Small schools with limited resources in Thailand have combined classes.

They have pupils from 2 classes studying together under one teacher and those in one class are taught first while the other class is doing exercises and wait for their turn by the same teacher.

Those implementing this teaching arrangement are Pha Khwang Witthaya School's Khwae Wuadam branch in Chiang Rai's Muang District (with 39 students and three teachers), and Pasak Ngam School in Chiang Mai's Doi Saket district (with nine students and two teachers). At Pha Khwang Witthaya, Prathom 1 (Grade 1) has been combined with Prathom 2 (Grade 2), Prathom 3 with Prathom 4, and Prathom 5 with Prathom 6. Also, Pasak Ngam has combined Prathom 1, 2 and 3, but Prathom 4, 5 and 6 have studied in the same combined class.

Those that are located in isolated areas like the Pha Khwang Witthaya in a mountainous area and Pasak Ngam in an area where a dam separates it from other parts of the district, they are considered small schools that cannot be merged with bigger ones are closed down, although Education Minister Phongthep Thepkanjana has issued a policy to merge small schools. He recently visited both schools to listen to their problems before deciding how to provide further assistance to small schools that are unable to merge with larger ones due to their isolated locations. The combined classes idea was conceived by the Office of Basic Education Commission to assist small schools cope with the problem of limited resources.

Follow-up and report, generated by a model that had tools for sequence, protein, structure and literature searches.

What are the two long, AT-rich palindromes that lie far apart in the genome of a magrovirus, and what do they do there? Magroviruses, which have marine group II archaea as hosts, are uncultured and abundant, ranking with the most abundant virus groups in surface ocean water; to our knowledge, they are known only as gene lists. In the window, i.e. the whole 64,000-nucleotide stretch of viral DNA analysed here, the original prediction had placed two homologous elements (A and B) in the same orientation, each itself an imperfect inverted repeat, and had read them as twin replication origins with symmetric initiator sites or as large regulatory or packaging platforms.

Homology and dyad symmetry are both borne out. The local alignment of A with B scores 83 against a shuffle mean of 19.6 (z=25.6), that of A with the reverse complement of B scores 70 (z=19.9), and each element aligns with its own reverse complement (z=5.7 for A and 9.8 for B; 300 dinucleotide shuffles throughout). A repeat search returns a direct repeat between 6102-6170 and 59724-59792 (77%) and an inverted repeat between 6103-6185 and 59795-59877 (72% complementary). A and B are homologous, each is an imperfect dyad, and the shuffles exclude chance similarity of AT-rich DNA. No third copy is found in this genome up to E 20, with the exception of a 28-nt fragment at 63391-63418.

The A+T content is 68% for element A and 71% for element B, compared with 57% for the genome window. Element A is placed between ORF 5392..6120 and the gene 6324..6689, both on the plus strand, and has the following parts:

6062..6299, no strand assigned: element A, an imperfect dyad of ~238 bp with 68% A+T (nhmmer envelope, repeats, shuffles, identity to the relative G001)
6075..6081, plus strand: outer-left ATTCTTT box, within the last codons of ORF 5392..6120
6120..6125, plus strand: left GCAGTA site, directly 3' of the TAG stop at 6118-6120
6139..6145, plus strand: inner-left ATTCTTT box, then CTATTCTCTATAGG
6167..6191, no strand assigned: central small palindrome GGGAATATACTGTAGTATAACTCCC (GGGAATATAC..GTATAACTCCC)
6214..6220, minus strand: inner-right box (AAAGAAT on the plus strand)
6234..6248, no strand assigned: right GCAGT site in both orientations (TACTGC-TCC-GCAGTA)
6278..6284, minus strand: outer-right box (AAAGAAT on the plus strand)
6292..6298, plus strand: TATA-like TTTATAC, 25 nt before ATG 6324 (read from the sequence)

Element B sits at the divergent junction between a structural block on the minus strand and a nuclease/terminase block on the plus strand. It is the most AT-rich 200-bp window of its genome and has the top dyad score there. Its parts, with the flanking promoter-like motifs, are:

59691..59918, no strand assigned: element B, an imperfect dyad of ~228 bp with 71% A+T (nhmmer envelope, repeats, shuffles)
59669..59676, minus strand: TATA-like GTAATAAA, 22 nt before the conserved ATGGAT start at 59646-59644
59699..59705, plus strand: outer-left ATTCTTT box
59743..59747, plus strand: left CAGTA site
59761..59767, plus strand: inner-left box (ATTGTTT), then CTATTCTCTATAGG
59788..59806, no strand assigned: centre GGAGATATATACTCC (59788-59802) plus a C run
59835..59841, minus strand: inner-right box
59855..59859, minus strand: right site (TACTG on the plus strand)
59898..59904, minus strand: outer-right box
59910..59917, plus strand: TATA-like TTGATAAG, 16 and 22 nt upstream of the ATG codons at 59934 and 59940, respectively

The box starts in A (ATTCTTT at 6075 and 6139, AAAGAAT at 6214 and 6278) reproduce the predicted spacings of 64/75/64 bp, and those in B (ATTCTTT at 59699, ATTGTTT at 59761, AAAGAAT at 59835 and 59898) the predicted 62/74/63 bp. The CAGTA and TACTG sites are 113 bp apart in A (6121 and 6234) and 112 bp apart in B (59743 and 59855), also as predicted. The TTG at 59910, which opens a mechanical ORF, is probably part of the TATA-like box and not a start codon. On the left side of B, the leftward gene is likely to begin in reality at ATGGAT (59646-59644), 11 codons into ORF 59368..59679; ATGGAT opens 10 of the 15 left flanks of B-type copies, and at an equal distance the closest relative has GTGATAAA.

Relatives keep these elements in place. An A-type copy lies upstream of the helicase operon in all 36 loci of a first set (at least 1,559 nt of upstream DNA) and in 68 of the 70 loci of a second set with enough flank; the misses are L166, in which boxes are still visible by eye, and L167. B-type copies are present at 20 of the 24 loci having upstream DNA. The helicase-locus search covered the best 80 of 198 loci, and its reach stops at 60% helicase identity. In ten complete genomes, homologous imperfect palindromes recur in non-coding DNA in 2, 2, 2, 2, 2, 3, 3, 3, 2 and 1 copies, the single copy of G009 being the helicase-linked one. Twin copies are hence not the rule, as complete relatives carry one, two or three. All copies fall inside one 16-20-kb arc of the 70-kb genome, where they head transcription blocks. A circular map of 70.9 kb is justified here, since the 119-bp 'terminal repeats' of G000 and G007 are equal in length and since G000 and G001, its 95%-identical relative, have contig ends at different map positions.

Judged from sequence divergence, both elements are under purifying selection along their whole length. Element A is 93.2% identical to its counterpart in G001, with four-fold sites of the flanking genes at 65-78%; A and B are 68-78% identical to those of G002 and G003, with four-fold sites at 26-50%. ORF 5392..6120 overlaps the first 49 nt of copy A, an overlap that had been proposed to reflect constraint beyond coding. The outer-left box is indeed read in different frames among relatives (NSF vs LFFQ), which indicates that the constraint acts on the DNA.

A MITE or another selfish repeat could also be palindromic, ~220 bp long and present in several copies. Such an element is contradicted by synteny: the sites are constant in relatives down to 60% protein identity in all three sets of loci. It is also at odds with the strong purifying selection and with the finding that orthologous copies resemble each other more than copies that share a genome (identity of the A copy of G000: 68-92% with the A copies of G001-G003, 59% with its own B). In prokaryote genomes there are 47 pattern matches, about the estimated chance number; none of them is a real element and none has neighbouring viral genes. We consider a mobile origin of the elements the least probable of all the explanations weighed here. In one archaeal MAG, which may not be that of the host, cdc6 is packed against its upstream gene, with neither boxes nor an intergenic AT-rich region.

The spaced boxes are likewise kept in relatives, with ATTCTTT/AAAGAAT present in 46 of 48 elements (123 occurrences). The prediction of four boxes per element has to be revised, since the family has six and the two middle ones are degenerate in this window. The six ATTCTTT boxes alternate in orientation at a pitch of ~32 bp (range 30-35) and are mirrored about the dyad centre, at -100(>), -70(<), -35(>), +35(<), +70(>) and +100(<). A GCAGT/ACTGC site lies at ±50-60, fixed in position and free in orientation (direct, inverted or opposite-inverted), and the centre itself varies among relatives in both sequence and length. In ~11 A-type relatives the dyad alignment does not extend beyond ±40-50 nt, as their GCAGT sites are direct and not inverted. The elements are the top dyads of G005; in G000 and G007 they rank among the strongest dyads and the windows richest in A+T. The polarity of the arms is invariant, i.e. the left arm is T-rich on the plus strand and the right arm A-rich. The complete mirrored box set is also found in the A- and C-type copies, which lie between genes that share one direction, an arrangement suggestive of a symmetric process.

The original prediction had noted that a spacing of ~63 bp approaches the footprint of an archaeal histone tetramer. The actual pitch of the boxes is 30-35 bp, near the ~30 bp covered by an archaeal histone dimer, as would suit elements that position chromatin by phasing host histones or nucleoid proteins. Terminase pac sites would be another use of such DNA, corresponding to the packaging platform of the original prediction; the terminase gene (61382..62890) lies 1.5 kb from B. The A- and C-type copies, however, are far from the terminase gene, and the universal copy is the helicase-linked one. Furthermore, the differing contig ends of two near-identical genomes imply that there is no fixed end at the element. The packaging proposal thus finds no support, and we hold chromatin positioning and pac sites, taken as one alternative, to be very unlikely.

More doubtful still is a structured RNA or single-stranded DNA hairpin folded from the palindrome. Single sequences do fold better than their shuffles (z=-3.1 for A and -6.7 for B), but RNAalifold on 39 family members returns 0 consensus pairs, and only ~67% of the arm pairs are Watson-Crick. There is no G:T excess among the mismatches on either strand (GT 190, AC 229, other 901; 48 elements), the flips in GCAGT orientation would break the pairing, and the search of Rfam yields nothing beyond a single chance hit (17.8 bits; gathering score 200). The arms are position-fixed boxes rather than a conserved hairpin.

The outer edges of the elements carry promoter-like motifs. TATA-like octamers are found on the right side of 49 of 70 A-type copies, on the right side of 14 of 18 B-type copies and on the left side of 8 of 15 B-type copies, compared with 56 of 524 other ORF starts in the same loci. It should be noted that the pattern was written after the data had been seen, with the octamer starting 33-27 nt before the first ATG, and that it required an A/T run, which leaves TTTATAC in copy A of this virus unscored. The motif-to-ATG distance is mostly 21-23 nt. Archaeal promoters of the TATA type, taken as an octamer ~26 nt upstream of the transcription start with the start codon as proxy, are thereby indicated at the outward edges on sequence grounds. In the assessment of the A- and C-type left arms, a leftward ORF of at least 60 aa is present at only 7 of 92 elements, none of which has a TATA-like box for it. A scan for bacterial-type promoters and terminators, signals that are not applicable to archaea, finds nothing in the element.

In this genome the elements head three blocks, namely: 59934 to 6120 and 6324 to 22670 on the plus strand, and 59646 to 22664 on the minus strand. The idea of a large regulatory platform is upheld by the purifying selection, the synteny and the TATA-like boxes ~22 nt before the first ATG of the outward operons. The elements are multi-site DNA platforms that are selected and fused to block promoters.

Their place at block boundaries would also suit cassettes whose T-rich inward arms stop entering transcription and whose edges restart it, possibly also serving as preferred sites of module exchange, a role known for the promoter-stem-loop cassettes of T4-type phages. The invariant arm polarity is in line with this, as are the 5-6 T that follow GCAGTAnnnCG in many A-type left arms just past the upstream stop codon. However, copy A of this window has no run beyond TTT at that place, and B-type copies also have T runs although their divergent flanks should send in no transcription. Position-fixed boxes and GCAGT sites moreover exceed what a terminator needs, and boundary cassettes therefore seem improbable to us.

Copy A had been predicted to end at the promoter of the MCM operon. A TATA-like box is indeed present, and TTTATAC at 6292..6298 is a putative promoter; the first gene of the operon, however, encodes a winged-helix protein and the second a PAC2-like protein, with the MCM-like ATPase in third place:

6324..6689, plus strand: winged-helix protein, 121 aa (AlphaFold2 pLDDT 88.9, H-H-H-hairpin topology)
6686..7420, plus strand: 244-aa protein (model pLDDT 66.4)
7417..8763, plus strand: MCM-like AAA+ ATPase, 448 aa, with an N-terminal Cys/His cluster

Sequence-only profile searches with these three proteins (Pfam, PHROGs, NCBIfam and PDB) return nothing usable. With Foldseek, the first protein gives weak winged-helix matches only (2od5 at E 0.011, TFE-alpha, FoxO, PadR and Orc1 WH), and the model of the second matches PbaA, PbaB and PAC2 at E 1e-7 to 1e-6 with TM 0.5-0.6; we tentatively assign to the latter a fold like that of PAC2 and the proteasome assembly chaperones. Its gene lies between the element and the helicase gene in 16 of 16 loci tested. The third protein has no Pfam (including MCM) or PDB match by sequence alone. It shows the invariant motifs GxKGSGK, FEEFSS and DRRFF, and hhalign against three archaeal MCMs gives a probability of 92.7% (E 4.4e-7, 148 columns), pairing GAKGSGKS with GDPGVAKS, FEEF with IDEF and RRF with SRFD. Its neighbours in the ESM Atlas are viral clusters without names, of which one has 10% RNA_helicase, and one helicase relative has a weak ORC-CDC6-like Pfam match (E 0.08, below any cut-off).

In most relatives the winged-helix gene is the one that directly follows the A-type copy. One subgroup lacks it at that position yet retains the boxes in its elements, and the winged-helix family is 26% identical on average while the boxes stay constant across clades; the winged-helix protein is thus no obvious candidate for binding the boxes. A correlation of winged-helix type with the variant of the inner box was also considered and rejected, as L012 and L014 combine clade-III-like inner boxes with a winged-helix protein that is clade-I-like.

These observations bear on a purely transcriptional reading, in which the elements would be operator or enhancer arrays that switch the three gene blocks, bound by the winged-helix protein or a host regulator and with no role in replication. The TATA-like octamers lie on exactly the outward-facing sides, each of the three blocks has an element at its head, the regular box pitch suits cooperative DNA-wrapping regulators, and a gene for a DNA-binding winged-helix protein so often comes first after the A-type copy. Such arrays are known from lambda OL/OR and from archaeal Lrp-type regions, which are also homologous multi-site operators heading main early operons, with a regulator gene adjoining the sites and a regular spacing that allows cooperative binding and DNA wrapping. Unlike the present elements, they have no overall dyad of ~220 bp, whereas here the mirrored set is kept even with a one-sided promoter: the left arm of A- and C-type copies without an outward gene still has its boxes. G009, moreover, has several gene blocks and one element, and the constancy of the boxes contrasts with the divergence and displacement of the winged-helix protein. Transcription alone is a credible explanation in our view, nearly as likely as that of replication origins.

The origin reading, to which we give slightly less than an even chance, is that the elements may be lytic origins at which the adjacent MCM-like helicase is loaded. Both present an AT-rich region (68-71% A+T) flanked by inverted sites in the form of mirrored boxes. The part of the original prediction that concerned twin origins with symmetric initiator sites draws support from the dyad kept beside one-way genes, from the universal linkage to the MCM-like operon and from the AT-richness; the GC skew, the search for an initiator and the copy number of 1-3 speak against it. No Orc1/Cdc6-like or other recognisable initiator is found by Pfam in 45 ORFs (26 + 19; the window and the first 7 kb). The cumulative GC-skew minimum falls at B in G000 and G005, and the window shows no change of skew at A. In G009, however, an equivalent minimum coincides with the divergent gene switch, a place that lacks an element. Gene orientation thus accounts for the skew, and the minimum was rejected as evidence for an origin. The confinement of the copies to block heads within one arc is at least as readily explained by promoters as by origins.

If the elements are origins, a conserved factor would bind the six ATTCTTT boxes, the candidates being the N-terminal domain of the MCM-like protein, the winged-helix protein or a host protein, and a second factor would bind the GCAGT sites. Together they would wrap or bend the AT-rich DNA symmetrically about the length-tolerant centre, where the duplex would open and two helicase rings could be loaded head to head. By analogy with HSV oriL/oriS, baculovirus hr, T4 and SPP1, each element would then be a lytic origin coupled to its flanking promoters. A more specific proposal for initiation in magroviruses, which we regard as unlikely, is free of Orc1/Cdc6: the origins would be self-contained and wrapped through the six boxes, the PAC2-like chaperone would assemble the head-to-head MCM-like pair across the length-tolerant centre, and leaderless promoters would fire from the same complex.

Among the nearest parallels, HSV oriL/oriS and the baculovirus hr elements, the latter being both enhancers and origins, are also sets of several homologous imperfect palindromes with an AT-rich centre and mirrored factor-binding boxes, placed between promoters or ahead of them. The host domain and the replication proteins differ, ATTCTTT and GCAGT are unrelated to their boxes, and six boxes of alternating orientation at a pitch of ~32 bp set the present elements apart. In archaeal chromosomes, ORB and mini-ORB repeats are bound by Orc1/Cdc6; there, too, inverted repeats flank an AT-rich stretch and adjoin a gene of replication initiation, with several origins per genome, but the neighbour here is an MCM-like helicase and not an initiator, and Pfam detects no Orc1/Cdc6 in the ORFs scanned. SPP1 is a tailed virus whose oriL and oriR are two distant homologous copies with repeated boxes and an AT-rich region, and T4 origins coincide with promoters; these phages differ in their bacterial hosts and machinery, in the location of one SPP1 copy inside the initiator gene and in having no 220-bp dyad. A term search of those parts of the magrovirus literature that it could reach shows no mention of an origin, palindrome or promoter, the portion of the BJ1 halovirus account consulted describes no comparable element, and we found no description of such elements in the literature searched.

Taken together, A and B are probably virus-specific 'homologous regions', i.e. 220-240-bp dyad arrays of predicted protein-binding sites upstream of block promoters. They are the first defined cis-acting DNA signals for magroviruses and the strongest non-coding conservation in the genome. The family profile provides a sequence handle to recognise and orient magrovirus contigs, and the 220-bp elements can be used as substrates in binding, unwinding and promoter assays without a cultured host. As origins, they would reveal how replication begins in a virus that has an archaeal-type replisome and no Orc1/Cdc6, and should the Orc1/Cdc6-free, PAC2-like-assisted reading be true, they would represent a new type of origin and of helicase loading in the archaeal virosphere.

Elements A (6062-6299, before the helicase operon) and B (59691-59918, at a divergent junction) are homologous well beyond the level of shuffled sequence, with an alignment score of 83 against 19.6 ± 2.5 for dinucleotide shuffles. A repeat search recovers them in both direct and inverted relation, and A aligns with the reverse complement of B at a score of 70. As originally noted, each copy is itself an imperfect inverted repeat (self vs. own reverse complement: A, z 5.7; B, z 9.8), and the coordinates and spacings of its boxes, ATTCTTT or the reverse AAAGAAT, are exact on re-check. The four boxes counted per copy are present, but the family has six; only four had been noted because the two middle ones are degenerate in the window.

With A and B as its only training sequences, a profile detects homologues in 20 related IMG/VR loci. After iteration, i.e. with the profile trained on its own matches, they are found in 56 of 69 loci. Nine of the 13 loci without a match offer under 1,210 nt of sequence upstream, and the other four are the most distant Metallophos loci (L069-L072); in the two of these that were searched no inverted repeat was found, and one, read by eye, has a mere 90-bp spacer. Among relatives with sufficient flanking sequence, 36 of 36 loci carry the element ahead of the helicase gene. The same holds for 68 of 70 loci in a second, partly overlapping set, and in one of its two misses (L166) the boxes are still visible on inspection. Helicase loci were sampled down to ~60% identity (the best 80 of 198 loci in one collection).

However, the teaching process was much slower than in schools with proper resource. A classroom of the school branch is noisy in the morning as pupils recite multiplication tables, but in the afternoon one can hear the sound of looms with which they weave cloth. This is how in which all the 39 pupils at Pha Khwang Witthaya School's Khwae Wuadam branch in Chiang Rai's Muang district enhance their learning. The students are taught core curriculum subjects like maths, science, Thai and English language in the morning. In the afternoon, the classes turn into occupational training rooms where local residents pass on their occupational skills to the pupils.

The number of teachers there is not enough to teach every subject to all the students. The school has also made use of resources from it's surrounding communities, including natural learning methods and locals who volunteer to teach students on how to grow vegetables and raise hens for eggs.

After visiting both schools, the ministry would provide them with more resources for the sake of the students. The school would be equipped with a satellite for distance learning and temporary teachers would be assigned to teach subjects with which local teachers were not so familiar. Locals would also take part in teaching the pupils weaving and basketry, so that students can apply them soon when start to work on their own. The ocal people and local administrative organisations were urged to support the schools, as the budget from the ministry alone is not enough.